U.S. Olympic Trials: Katie Ledecky Makes History As 1500 Freestyle Door Opened to Women

katie-ledecky-
Photo Courtesy: Peter H. Bick

U.S. Olympic Trials: Katie Ledecky Makes History As 1500 Freestyle Door Opened to Women

Flash back to 1984. The scene was Los Angeles, and for the first time in Olympic history, a women’s marathon was contested. Its debut arrived 88 years after the men first raced the event at the inaugural Games in Athens, organizers of the track and field program finally recognizing that 26.2 miles could be handled just as competently by females as their male counterparts.

Joan Benoit was the gold medalist.

Next month, when the Olympic Games are held in Tokyo after a one-year delay due to the COVID-19 pandemic, swimming will have its marathon moment when the 1500-meter freestyle is first offered for women. It has been a men’s event at every Olympics since 1904, but until now, women have only been challenged as far as 800 meters.

Katie Ledecky is the overwhelming favorite to be the inaugural gold medalist.

Completing a grueling double that featured a triumph in the 200 freestyle at the top of the evening, Ledecky cruised to victory in the 1500 free, clocking a championship-record time of 15:40.50. Not only did she prevail by more than 10 seconds over runnerup Erica Sullivan (15:51.18), Ledecky officially earned the right to chase history in Tokyo. Really, an inaugural 1500 free without her would be worthless.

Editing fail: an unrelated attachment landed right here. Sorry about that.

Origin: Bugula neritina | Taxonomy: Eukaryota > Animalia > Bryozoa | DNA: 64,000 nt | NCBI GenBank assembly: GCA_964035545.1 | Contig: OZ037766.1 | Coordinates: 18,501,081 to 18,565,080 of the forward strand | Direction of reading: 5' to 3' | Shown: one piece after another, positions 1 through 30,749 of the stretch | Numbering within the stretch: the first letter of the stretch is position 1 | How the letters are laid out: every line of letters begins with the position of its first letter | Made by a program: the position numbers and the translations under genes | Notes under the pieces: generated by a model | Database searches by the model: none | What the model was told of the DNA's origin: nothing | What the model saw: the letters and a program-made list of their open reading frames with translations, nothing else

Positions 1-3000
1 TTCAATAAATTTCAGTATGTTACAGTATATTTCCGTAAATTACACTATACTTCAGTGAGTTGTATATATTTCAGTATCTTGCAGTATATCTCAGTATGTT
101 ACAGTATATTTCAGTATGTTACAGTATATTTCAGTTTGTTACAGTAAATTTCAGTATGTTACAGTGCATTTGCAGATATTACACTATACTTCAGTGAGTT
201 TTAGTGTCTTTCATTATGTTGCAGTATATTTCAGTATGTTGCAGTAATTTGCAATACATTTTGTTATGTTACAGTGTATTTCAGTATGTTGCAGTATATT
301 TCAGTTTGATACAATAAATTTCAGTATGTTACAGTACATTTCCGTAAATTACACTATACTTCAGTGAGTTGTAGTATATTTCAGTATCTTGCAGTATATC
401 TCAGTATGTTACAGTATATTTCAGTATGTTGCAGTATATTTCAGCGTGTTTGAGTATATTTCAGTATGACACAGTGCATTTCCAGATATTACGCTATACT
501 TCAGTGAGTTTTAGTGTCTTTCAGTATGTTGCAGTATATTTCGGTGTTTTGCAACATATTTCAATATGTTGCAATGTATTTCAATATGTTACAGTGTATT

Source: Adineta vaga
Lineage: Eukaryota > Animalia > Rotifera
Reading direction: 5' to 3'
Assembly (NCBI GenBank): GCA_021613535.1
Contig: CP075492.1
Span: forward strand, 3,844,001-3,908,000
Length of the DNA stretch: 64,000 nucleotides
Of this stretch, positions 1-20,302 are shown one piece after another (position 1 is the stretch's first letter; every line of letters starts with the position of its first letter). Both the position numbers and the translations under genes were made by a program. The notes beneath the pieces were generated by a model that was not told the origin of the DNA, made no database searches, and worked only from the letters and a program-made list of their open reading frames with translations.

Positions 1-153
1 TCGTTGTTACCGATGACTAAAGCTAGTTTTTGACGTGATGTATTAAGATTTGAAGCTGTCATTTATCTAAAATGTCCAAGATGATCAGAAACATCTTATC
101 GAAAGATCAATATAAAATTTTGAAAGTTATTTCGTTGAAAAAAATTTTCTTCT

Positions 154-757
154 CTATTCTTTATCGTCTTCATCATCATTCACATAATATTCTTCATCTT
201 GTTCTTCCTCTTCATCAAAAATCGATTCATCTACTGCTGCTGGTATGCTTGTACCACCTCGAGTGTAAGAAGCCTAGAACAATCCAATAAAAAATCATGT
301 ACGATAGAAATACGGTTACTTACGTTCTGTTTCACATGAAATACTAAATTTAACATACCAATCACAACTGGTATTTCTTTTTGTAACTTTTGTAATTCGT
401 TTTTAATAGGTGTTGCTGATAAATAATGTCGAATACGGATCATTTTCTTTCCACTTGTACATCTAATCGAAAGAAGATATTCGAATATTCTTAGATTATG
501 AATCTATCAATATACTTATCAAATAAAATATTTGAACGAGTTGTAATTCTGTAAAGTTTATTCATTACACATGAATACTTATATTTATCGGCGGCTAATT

“It’s an event I’ve always enjoyed,” Ledecky said. “We are making history tonight and in Tokyo. That’s fun in its own way and I’ve always enjoyed the training it takes to swim a good mile. It takes a lot mental toughness and strategy. I am pleased with how it went. It was a well put together swim. I didn’t die off or feel like I was dying on the back end.”

In the near decade since she emerged as a 15-year-old Olympic champion at the 2012 Games in London, Ledecky has been the class of the sport – specifically the distance-freestyle events. Until now, though, her 30-lap talent has been limited to the World Championships and select Pro Series meets. When she gets to demonstrate her worth on the Olympic stage, it should be a coronation.

The dominance shown by Ledecky in the metric mile is downright stunning. In addition to owning the 10-fastest performances in history, her world record of 15:20.48 sits 18 seconds clear of the No. 2 performer of all-time, Denmark’s Lotte Friis. To see her anywhere but on the top step of the podium would mean disaster struck.

Earlier in the session, Ledecky bested the field in the 200 freestyle, confirming the defense of her title from the 2016 Olympics in Rio de Janeiro. In that event, Ledecky touched the wall in 1:55.11, the back half of her race the difference. Over the last two laps, Ledecky split 59.03, the only closing 100 under a minute.